As the World Series of Poker Main Event began on Saturday one player took his seat trying to achieve the impossible.
When Pius Heinz of Germany held aloft his winner’s bracelet last November, he entered poker folklore as the 42nd winner of the Main Event, which is the dream of most players from every country around the world.
Aside from the financial reward, the prestige and the associated sponsorship (Heinz is now part of Team PokerStars Pro), it also automatically labels you as one of the best in the world and, as far as your career is concerned, a marked man, with every opponent you ever take on looking for the story to tell – that they took on the best and won.
The fate of defending champions has usually been elimination in their comeback year, albeit to the applause of a knowledgeable and appreciative poker community that salutes its greats.
Back in the late 1980s, Johnny Chan was the last player to win back-to-back titles, and almost made it a third but for the youngest ever winner at the time, Phil Hellmuth, getting in his way. Before Chan came the incomparable Stu Ungar who would win back-to-back Main Events in 1980 and 81 (before adding a third title in 1997). The only other double winners are Doyle Brunson (1976 and 77) and Johnny Moss (1970 and 71).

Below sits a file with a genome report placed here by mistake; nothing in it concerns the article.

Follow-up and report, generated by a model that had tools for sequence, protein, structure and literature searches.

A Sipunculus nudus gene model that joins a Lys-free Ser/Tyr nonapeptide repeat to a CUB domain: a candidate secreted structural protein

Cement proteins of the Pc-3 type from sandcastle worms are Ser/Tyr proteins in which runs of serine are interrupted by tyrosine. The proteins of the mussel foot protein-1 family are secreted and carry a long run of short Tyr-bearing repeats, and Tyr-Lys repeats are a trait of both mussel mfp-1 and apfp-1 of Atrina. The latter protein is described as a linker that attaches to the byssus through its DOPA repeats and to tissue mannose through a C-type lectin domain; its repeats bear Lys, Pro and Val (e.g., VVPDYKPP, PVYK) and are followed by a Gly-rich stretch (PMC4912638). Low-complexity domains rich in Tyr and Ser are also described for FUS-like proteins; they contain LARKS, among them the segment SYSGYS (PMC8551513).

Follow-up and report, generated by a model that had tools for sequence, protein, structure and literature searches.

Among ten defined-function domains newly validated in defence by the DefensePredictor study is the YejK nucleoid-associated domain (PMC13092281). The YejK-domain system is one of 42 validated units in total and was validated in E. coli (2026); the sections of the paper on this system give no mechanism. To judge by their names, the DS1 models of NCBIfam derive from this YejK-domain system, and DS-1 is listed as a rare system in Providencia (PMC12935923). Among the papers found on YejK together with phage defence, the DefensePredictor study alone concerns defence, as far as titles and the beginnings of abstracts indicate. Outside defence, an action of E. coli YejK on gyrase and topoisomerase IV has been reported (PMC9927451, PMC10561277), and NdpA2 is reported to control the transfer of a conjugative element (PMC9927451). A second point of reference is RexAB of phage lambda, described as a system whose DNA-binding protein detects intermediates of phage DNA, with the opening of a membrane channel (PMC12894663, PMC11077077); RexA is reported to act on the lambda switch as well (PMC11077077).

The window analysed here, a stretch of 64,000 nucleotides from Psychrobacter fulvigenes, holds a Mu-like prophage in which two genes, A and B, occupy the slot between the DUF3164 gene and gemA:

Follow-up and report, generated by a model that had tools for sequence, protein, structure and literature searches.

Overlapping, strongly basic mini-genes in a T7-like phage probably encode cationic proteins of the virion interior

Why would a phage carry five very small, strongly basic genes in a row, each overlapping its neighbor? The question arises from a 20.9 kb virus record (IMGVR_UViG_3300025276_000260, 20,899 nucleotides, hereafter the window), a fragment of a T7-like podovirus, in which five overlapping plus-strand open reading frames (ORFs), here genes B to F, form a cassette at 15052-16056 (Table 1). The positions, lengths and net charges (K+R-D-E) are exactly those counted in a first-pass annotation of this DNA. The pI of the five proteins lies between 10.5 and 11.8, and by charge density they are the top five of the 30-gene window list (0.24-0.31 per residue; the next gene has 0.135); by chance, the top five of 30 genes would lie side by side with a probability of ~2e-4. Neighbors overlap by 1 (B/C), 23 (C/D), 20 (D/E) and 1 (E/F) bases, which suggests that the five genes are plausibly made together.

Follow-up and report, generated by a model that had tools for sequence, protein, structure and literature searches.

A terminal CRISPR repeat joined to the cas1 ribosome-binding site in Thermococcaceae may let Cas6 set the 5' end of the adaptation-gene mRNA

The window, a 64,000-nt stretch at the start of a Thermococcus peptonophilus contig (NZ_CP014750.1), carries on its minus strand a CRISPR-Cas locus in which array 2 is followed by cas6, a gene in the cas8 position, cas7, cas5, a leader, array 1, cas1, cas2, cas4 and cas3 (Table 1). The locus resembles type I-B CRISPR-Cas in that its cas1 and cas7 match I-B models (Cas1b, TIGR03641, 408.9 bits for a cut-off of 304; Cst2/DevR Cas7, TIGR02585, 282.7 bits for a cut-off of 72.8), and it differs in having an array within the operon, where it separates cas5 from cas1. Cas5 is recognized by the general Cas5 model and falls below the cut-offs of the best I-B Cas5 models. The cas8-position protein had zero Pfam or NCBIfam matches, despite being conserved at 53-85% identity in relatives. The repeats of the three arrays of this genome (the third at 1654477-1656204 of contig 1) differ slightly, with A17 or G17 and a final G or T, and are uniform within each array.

It means the task ahead of Heinz is a difficult one, made more so by the constant scrutiny he will endure until he is eliminated.
That said it’s not impossible. In 2004 defending champion Greg Raymer made it all the way through to 25th place, which given the increased field size over the previous year, was a phenomenal achievement.
That year it was Joe Hachem who went on to win the title. A thoughtful player aware of his place in the game’s history, Hachem’s return in 2006 was documented in the French made documentary “That’s Poker” which examined the Australian’s thought process as he returned to the Rio. He wouldn’t disappoint, reaching 238th place (from a field of 8,773 players), to a standing ovation.
At the end of the first day the reigning champion had nearly 40,000. Ovation or otherwise, Heinz’s fate will be determined in the coming days.